I recruited participants during the spring semester of 2017 between March and May. Recruitment involved sending brief advertisement requests to student digital newsletter offices and the universities’ media outlets. Sun Valley State University (SVSU) displayed my announcements on the campus’s T.V. screens allowing for greater participation from students. Requests sent to similar offices at the University of Texas River Path (UTRP) went unanswered. However, I was able to make a brief announcement at the beginning of one course offered through the Asian Studies minor at UTRP. A sample email of the Invitation to Participate can be found in supplementary documents (see the Supplementary Materials “Invitation to Participate: Email Communication”). In addition, I sent messages to various social media pages of different student organizations. Finally, at the end of each interview, I asked participants if they could recommend potential participants for the study, a method known as snowball sampling. Once contact had been initiated, I provided participants with a link to a brief demographic survey and an electronic version of the informed consent form. I scheduled interviews upon receipt of each demographic questionnaire completed. Recruitment ended when contact from potential volunteers ceased.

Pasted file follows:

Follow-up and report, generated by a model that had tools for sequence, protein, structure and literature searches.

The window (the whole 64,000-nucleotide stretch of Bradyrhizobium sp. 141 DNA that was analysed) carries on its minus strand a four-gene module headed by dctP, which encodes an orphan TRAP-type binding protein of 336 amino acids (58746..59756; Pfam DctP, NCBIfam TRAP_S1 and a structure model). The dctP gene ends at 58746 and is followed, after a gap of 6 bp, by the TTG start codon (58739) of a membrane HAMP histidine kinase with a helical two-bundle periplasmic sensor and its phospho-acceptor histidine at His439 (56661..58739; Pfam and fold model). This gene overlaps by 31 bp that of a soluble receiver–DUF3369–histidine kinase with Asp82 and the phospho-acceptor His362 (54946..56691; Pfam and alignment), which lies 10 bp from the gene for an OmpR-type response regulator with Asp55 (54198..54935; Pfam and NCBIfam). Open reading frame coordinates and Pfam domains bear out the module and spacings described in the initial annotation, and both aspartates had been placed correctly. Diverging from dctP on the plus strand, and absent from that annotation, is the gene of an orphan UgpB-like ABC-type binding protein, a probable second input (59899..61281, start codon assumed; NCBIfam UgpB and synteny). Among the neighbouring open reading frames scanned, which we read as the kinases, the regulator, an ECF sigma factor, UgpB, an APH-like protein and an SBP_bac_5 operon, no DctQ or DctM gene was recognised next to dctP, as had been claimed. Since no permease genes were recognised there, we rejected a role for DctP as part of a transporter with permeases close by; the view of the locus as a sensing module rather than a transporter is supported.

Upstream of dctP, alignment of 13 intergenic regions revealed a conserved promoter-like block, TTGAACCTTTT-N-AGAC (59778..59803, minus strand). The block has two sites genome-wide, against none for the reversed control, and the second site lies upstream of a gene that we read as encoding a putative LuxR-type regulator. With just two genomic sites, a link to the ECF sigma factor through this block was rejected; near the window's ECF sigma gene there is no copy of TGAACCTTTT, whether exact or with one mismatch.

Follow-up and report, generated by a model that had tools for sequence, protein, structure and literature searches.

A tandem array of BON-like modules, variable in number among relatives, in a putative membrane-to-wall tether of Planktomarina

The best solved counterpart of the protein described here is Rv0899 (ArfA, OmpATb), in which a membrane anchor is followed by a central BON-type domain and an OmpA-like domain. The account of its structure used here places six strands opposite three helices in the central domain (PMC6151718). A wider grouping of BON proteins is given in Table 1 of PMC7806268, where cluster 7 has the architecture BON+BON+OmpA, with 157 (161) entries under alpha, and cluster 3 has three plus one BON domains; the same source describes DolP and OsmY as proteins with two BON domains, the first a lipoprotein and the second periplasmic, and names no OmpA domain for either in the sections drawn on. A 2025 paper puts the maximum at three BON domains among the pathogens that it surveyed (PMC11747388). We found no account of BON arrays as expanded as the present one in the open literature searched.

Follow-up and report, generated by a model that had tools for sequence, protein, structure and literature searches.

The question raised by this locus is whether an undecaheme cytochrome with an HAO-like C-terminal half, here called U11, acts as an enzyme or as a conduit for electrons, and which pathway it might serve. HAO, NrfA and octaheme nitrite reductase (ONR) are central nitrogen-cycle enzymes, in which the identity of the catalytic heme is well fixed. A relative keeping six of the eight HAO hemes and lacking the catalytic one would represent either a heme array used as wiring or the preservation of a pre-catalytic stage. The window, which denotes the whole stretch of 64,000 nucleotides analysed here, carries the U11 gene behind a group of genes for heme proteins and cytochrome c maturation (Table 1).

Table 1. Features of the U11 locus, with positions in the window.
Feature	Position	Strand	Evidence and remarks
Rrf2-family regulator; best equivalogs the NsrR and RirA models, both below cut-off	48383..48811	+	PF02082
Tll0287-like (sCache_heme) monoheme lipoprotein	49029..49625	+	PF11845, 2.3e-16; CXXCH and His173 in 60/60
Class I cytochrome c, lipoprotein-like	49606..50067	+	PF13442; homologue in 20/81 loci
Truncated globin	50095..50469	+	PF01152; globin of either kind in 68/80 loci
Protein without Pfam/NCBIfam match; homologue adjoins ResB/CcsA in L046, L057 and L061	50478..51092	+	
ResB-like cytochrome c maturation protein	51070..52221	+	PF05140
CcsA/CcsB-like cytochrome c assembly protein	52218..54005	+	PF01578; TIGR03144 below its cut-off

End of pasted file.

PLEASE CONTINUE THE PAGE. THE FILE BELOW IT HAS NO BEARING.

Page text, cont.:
5.1.3. Data Collection

As mentioned, the current paper presents a secondary analysis of data collected for a study on the experiences of Asian and Asian American students attending a Hispanic-serving institution. This original study began with an unstructured interview protocol adapted from Corbin and Strauss (2015). I asked participants to “Tell me about your experiences as an Asian American student attending SVSU/UTRP. I’d like to hear your story in your own words and, should the need arise, I will ask additional questions for clarification or elaboration.” During data collection, two other questions emerged:
  • What does being Asian American mean to you?
  • How would you describe how Asian Americans are perceived on campus?